Why Thursday and Friday of March Madness are the best days in sports
In the opening round of the 1998 NCAA tournament, two future March Madness legends watched a scrawny coach’s son from a little-known school capture America’s heart.
Little did they know they’d have their own moment 17 years later.
“R.J. used to take that first day of March Madness off of school, and we’d watch it together,” Georgia State head coach Ron Hunter recalls. “We watched that Valpo shot. R.J. eventually talked to Bryce [Drew] about what it’s like to play for your dad, and I don’t know if he comes to Georgia State without that conversation.”
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Seventeen years later, R.J., the leading scorer for 14-seed Georgia State, dribbled up the court with the Panthers down two against Baylor with less than 10 seconds left in the opening round of the 2015 tournament.
R.J. had seen this movie before.
With an announcer calling for him to drive to the basket, Hunter, an eventual first-round pick and the best player on the floor, took the ball past mid-court, dribbled left and ... passed?
Dad, who tore his Achilles in the Sun Belt tournament postgame celebration a few days prior, calmly watched from a rolling stool on the sidelines. “He got the defense to relax for a split second,” Ron tells NCAA.com. “I think that if he didn’t pass it, he would have never made the shot.”
R.J. got the pass right back, rose up for a deep 3-pointer and buried it with 2.6 seconds left.
Without context, a 14-seed upsetting a 3 is special. Add in the father-son element, the game-winning 3, Dad’s torn Achilles and falling off the stool when his son hit the shot? That’s a rejected-for-being-too-cheesy Hollywood script.
That’s why the first Thursday and Friday of the NCAA tournament are the best.
Ever leave a movie theatre and think, “That was cool, I guess, but there’s no way that would ever happen in real life.” Even flicks based on true stories are often embellished to fit a narrative. Entertaining, sure, but not necessarily relatable.
The first two days of March Madness need no dramatization. More drama might be unhealthy.
Take this: Kris Jenkins hit the shot of the 2016 tournament, given the stakes. But in terms of pure unlikeliness, the best shot of the tournament might have been Paul Jesperson's. Come on:
These moments are so special they can stand on merit. Now, thanks to bracket hysteria, where everybody has a rooting interest, they climb to the realm of classics.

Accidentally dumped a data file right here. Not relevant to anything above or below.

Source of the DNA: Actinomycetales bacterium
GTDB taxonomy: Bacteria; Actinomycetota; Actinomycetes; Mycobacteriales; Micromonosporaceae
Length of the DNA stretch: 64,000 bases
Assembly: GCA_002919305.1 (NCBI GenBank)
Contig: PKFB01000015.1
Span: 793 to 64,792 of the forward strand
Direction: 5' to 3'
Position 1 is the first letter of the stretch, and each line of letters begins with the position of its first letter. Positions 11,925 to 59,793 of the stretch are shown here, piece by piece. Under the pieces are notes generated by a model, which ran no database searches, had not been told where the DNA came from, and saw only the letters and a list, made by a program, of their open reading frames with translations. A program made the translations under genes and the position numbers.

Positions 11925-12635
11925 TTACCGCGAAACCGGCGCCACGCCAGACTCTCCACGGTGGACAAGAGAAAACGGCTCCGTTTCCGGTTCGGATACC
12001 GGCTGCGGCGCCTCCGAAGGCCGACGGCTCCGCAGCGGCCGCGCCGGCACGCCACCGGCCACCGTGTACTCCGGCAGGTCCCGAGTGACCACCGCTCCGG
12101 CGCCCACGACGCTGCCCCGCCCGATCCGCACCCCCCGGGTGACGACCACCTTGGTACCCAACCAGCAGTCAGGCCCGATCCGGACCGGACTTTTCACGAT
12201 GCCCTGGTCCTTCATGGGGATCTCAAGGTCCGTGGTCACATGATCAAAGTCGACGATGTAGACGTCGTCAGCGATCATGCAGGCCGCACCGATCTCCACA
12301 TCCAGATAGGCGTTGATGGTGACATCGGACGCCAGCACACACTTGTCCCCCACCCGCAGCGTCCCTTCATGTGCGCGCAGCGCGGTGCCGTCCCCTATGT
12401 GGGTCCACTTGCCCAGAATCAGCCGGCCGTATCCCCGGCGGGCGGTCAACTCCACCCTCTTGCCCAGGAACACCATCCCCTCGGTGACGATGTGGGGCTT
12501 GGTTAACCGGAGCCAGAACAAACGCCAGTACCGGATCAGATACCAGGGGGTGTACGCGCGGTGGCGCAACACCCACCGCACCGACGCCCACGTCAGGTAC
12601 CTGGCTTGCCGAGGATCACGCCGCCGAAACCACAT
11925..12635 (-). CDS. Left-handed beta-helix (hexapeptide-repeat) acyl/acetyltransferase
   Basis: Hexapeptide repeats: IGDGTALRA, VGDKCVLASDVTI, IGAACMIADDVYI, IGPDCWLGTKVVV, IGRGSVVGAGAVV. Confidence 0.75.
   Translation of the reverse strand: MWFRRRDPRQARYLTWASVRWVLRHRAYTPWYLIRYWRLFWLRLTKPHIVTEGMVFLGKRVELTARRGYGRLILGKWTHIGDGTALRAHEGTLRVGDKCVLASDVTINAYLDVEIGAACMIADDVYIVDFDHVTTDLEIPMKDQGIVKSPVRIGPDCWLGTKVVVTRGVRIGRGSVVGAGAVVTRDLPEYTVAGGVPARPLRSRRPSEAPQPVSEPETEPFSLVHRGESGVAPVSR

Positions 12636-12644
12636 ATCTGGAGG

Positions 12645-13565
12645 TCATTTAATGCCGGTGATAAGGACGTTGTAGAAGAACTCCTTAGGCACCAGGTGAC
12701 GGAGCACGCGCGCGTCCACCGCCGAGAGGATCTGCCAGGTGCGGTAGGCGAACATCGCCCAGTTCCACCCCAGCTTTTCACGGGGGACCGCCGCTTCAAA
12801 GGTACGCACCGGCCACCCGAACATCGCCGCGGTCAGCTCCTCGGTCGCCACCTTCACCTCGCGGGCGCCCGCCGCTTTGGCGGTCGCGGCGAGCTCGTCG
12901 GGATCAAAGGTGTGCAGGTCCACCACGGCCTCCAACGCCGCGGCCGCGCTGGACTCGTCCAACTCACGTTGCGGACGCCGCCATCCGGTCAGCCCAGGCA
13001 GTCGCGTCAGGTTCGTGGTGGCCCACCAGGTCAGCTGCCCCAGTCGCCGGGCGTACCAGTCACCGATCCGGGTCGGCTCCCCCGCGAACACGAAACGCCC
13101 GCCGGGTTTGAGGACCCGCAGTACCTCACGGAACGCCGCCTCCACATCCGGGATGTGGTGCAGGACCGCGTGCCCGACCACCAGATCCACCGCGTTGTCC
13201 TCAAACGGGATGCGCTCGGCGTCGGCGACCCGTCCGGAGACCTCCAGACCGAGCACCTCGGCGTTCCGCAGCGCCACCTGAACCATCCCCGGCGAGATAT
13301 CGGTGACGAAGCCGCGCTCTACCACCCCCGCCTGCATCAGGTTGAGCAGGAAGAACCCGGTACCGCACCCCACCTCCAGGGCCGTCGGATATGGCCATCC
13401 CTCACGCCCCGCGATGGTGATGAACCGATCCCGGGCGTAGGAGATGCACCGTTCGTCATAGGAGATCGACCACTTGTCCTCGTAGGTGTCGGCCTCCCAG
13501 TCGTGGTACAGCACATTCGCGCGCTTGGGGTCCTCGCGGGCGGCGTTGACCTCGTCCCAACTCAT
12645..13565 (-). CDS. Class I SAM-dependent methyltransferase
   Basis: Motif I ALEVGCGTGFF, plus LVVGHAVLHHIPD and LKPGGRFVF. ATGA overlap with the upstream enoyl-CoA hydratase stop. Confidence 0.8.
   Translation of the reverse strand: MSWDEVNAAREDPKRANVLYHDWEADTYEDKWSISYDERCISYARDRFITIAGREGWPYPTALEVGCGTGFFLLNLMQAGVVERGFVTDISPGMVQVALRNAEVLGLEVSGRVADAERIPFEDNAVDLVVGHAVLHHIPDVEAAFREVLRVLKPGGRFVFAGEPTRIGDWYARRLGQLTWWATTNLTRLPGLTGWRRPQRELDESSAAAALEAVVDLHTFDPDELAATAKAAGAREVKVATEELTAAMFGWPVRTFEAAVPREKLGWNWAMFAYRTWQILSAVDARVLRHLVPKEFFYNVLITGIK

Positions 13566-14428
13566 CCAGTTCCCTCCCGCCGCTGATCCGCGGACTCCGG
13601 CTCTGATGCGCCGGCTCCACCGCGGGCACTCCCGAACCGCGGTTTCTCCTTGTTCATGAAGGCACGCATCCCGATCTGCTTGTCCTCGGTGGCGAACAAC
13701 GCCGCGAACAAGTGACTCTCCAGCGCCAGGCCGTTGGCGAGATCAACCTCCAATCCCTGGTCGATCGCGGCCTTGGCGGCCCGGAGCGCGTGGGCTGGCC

The person who picked that Northern Iowa upset probably felt like the smartest person in the room. The one who picked Texas? Well, Ron Burgundy said it best:
When an unpredictable tournament is played in front of millions of people with an emotional investment, greatness ensues. Sometimes it's a thrilling shot at the end. Other times, David simply outperforms Goliath for 40 minutes. Middle Tennessee knows the feeling.
Michigan State was the second-most popular pick to win the national championship in the 2016 Bracket Challenge Game. It’s easy to see why. The Spartans had Tom Izzo (who’s made seven Final Fours), Denzel Valentine (a first-team All-American), a one-and-done phenom in Deytona Davis and experienced, talented role players.
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MTSU's Giddy Potts had other ideas. His story is a classic: unheralded, under-recruited, under-appreciated. All the usual adjectives.
“Everybody had a reason for why he just wasn’t quite good enough,” Potts’ high school coach, Stace Tedford, says. “He was too short, or he was too heavy, or he wasn’t quick enough. He really took that personally.”
“I looked at the tape when we first signed him, and I thought, ‘Good lord, this kid can shoot the basketball,” Blue Raiders play-by-play man Chip Walters says. “But he’s built like a fullback.”
Middle Tennessee head coach Kermit Davis says Potts arrived on campus weighing 242 pounds. He’s since trimmed his body fat from 20 to 7 percent. Potts led the country in 3-point percentage in 2015-16; he went from an out-of-shape, undersized shooting guard to the primary reason why MTSU, a 15-seed, knocked off the second-seeded Spartans.
We see this every year in the first few days: a brand-new star, usually with a funky name, comes out of nowhere to capture imaginations. It is college basketball’s version of Lin-sanity, only this happens every year. Yet, it never gets old.
At some point Thursday or Friday, there will be another Giddy Potts. Ninety-nine percent of America just hasn’t met him yet.
MORE: How often we pick upsets
March upsets are frequent, but the unexpected is still rare enough to be a novelty. Many of these teams, still, have no shot against the big boys. But because it’s impossible to watch all 351 Division I teams throughout the season, it’s tough to separate the squads who simply are fortunate to be dancing from the ones who can make some real noise. Believe it or not, Hunter has experienced both sides.
Hunter reached the NCAA tournament in 2003 when he was the coach at IUPUI, which had made the jump to Division I only a few years prior. His Jaguars lost by 31 points to Kentucky. It was never a fair fight.
“I’ll be honest with you. I didn’t even think about winning,” Hunter says. “We were just so happy to be there.”
In the next two days, there will be blowouts. But we will also see upsets, often in games we least suspect. There will be heroes we’ve never heard of before. There will likely be buzzer-beaters. There will be viral moments. And there will be red, a lot of it, on everyone’s brackets.
All of it on Thursday and Friday. No sporting event packs more into two days.
Enjoy the Madness, everyone.